An NYPD officer wears a surgical mask while investigating a coronavirus incident. Photo: Robert Miller
The Big Apple’s largest police union has filed a complaint with the city saying the NYPD isn’t doing enough to protect cops from the rapidly spreading coronavirus, the union announced Friday.
The complaint, filed Monday with the New York State Public Employee Safety and Health Bureau, alleges the NYPD has failed “to provide adequate protective equipment, including masks and gloves,” and some of the much-needed gear won’t be available until May, according to a copy of the complaint.
“We’re all petrified,” a police source admitted to The Post.
“We’re not sure what they are going to do when one officer gets sick and it spreads,” the source went on.
“They’ve just said wash your hands, take a bath but nothing really official. They haven’t given us any protective gear to deal with these calls.”
The NYPD has given insufficient “dust masks” to cops looking for protective gear instead of the Centers for Disease Control recommended N95 respirators — which were only doled out to select commands because of a “limited supply,” the complaint alleges.
A new shipment of the special respirators isn’t expected to be delivered until at least May, the complaint said.
“No matter how this pandemic progresses, New York City police officers will remain on the front lines and will continue to carry out our duties protecting New Yorkers. But we shouldn’t be forced to do so without adequate protection,” Police Benevolent Association president Patrick Lynch railed in a statement.
“The NYPD has not done enough to ensure that all of our members have protective equipment such as masks and gloves, nor does it have adequate supplies of that equipment to weather a prolonged outbreak. That is why we are asking state health and safety regulators to step in and compel the NYPD to provide adequate protective equipment as required by law.”
Another police source told The Post they’ve received “no training, whatsoever” about what to do if they encounter an infected person, or someone suspected of being infected.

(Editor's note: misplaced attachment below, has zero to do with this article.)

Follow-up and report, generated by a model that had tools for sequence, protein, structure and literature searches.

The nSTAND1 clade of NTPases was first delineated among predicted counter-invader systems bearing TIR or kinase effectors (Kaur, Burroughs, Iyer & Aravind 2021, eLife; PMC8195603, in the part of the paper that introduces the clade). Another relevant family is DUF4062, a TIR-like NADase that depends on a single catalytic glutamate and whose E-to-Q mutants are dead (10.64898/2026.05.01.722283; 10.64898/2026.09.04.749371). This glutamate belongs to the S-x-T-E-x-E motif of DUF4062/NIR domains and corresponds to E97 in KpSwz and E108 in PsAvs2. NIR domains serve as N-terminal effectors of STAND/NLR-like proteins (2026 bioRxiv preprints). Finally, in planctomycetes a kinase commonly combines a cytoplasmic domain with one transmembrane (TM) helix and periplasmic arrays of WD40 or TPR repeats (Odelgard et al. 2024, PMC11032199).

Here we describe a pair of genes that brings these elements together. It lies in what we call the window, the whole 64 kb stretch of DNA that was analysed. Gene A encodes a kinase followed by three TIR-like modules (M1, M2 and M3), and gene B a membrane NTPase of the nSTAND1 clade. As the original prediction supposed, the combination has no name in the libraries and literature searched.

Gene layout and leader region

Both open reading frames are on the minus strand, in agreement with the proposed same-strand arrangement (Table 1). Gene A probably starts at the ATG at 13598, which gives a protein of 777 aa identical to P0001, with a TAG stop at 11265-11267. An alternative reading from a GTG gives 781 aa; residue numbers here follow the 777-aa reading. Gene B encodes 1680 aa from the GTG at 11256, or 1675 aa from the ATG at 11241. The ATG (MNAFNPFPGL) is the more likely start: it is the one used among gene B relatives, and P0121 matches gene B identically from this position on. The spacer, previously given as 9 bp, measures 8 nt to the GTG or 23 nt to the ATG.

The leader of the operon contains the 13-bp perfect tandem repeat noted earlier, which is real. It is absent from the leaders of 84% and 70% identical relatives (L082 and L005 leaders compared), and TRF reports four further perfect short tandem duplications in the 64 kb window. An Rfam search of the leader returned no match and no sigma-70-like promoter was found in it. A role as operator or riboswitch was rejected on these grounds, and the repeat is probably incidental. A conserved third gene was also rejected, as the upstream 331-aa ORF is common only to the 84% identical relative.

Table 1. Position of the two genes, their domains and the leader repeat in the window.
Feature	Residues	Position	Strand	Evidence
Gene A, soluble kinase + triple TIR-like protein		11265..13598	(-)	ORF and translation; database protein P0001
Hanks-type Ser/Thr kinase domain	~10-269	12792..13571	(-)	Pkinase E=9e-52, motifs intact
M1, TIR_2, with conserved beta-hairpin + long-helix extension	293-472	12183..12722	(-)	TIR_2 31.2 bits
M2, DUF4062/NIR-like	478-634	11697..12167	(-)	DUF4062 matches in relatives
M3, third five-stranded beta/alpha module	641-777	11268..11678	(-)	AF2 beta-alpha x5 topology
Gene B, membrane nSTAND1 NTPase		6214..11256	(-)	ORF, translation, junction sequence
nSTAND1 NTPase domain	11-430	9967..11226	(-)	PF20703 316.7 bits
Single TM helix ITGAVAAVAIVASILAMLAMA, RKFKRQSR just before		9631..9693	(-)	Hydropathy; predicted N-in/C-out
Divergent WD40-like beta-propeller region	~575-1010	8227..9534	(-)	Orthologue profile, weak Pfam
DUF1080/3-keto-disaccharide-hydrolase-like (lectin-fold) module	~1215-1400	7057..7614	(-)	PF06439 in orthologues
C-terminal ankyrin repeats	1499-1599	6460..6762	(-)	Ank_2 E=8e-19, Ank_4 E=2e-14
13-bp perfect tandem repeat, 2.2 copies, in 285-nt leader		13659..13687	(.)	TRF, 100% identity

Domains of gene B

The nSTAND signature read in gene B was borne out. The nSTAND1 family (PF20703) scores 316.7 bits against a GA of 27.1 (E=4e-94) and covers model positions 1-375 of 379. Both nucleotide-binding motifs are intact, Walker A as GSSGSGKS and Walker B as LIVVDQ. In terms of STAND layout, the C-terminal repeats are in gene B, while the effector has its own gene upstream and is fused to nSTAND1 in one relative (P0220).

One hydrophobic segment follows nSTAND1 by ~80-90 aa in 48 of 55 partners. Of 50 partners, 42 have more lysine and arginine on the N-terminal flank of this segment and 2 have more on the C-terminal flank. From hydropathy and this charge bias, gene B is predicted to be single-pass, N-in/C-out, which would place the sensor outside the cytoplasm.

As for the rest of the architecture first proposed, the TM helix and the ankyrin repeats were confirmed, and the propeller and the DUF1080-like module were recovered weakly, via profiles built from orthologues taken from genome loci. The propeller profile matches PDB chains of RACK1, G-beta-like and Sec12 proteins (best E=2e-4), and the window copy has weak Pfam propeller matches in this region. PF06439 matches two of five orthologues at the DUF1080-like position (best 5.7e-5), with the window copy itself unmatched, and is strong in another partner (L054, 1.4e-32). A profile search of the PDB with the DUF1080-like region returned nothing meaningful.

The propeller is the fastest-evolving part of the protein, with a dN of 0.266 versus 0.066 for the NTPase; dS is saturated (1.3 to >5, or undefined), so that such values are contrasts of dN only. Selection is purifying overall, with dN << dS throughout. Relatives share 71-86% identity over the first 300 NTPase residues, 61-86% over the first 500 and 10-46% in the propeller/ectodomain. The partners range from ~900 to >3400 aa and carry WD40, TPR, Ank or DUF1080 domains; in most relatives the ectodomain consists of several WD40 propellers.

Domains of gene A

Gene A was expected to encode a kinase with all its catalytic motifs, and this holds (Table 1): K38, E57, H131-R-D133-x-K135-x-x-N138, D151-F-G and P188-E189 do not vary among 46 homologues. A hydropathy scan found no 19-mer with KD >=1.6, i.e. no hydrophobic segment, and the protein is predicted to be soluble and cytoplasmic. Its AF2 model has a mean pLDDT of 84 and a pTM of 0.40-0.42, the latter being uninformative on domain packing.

“A 10 minute training video would be helpful to explain how to respond to these calls, because people don’t know how viruses work,” the source said.
“We didn’t get any kind of equipment as far as masks or hand sanitizer goes. We have gloves available because we deal with prisoners. My delegate gave me one mask. How you going to be using a [single] mask day in and day out?” the source griped.
Cops, who are often the first to respond to 911 calls for sick people, are also lacking “adequate sanitizers and other cleaning supplies,” the complaint alleges.
On Feb. 26, the NYPD said at a news conference they’ve handed out “thousands upon thousands of gloves, masks and wipes” to city cops to prepare them for an outbreak before the virus even made it to New York.
In a response to the union’s complaint, Deputy Commissioner of Public Information Richard Esposito said the information on the department’s coronavirus preparation was old.
“We are prepared. We have material in the hands of everybody. We have more material coming in, and we’re actively negotiating with the other city agencies that control the flow of the material,” Esposito told reporters at a press conference.
“The members of the PBA are our NYPD cops and we care about them deeply,” an NYPD spokesperson added to the Post in a statement. “The PBA’s assertion that we failed to meet our obligation as an employer is empty rhetoric.”
During the press conference, Esposito also went through the department’s official policies regarding officer precautions and mask use throughout the crisis.
The surgical masks are to be placed on sick patients who are “exhibiting symptoms of COVID-19” while the N-95 “will protect against aerosolized bacteria,” Esposito said, adding the masks are to be used when needed, not during routine patrol functions.
In addition to the official policy, Commissioner Dermot Shea released a video to members of the NYPD restating parts of the policy and telling people how best to take care of themselves.
“His message is, ‘You can’t take care of the people in the city of New York if you don’t take care of yourself,'” Esposito said.
So far, the NYPD has distributed about 67,000 pairs of gloves, 26,000 surgical masks and have 331,000 more gloves and 60,000 more masks stocked in warehouses. They are in the process of getting and distributing 450,000 N95 masks and a quarter of a million more surgical masks.